Saturday was a good day for all sorts of reasons. Having thrown myself into being a nosy neighbour with genuine enthusiasm I noticed that items were being removed from next door by the tenants, and that, apart from cars pulling up and taking things away, all was quiet. As far as those same tenants were concerned, Sunday was even better, for yet another police raid in the morning, the fourth in three days, brought the sought-after confirmation that they have done a runner, for such it was that I had witnessed on Saturday. According to one of the boys in blue the ‘hovel’ (his words) has been stripped of anything worth stripping and there is no sign of life. Being the nosy sod that I am, and delighted to help the police on their way, I gave them details of people, registration plates, cars and anything else that might have been of use. Today I will get to enter the house and see just what damage they have wrought over the past few years, and I don’t think that it will be pretty. The good news, though, is that they are gone, unlikely ever to return. They shall not be missed.
I sat down and continued work on the harp piece on Saturday, the niceties of its construction meaning that I have gone from being way behind schedule to being slightly ahead in a single day. Having spent years, quite literally, trying to find some kind of fusion of sonata form and modern musical language in my instrumental works, I have turned to the Baroque for my inspiration, specifically ritornello form, and find it to be quite conducive to productive writing. There is some way to go before I have truly made it my own, but the more I write in that style the more I will be able to find my own solutions, and that is what I am really striving to do. Even when I look back at the instrumental works I was writing at the start of the year I can see that my language has come on apace, as has my confidence. There is much revision to be done on this piece, but the basic sketch is now more or less in place.
I also discovered a shortcut in Sibelius after over ten years of using the program which made me literally shout out for joy, so much time will it save. Being even vaguely tech-savvy is so important for the modern composer. Only just over a decade ago getting a score to somebody meant a trip to Rymans and a long hard slog over the photocopier, plus goodness knows what other hassle getting the music bound, packaged and sent. Nowadays one simply emails the file through and, hey presto, the deed is done.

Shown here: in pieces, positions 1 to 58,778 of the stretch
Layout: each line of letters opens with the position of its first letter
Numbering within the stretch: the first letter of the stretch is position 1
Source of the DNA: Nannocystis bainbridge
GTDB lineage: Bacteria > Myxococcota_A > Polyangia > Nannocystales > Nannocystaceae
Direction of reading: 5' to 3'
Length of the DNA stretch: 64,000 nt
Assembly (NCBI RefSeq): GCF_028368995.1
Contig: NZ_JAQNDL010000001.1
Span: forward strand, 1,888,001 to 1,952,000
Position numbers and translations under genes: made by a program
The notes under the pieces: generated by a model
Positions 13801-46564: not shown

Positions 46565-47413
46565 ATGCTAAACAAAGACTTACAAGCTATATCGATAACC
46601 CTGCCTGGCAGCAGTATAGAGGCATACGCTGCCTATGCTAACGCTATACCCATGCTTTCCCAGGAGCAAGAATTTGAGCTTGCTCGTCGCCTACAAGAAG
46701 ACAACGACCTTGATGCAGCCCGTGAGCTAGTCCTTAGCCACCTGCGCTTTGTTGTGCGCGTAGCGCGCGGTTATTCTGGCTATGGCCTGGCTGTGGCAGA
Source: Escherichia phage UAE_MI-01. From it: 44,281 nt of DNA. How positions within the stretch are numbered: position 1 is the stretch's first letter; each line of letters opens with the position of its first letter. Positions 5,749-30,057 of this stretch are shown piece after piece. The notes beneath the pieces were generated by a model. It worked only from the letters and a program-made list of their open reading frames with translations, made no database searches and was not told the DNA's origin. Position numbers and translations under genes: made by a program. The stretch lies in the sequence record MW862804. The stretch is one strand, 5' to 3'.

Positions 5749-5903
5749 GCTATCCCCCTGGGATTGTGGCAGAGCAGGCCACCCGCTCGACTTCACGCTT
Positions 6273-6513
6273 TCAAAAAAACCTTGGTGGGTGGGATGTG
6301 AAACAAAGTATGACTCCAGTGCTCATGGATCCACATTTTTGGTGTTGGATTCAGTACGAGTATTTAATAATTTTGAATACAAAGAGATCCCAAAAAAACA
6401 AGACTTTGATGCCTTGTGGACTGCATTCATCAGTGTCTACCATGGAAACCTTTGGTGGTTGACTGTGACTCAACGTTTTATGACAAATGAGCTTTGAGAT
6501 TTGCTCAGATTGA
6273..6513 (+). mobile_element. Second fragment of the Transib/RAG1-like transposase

Come Saturday afternoon I took a deep breath and ventured into what will be my composing room. At some point I needed to bite the bullet and get rid of the dust and chaos in there, so, bullet bitten, I wiped down some bookshelves, moved items around, and placed various bits of furniture into what might become their final positions. The attic has had its chimney breast removed, a new staircase put in (necessitating the removal of the chimney breast downstairs as well), new flooring and supports, new lighting, new power, new paint and goodness knows what else, but, at last, at last, there is light at the end of the tunnel. I am even cautiously optimistic that I will be composing in there sometime this week, and am genuinely looking forward to the experience.
On Sunday I played the organ in Hampstead in the morning, where I was Organist before my ten year tenure of the same position at St. George’s. I always enjoyed playing there, especially the optimistic choice of repertoire, and it is heartwarming that, even after ten years away, they are happy to have me back. Yesterday we tackled the Kodaly Missa Brevis on minimal rehearsal, and with only 5 singers. At St. George’s this would have been a bit of a struggle but at Hampstead it was all taken on the chin and enthusiastically performed. I then taught and came home to discuss the goings on next door, and watched the film Senna in the evening. As a confirmed F1 nut I was a witness to all that vitriolic nonsense between him and Prost taking place as it happened and found it to be most unsavoury, and the film makes fascinating and uncomfortable viewing, but, for all his many and obvious faults, he was an enthralling character. Even after 17 years, though, that weekend at Imola remains shocking from start to finish.
I’ll be shifting to my new timetable this week and, while it might mean some antisocial hours, I think it will be good both for my writing and for my morale. I had a late start on Saturday, compared with recent weeks, but it was both more productive and more relaxed than most days this week, and Sunday’s extra hour was gratefully accepted, for I had a disrupted night. The plan this week is to rise later and retire similarly further into the night.
The days ahead are not the most secure financially, at least not until the middle of November, but I hope that an extra bit of work or two might trickle in. In any case, it will be something of a novelty for money to remain in my bank account rather than being spent immediately on coving or plaster. I am sure that this will be just one of many post-building joys. Meanwhile I rather suspect that my builder, the son of my ex-neighbours’ landlord, might just have another project on his hands very soon after the events of the past few days. I’ll know once I’ve had a poke around what’s left of next door. Goodbye to them and good riddance too.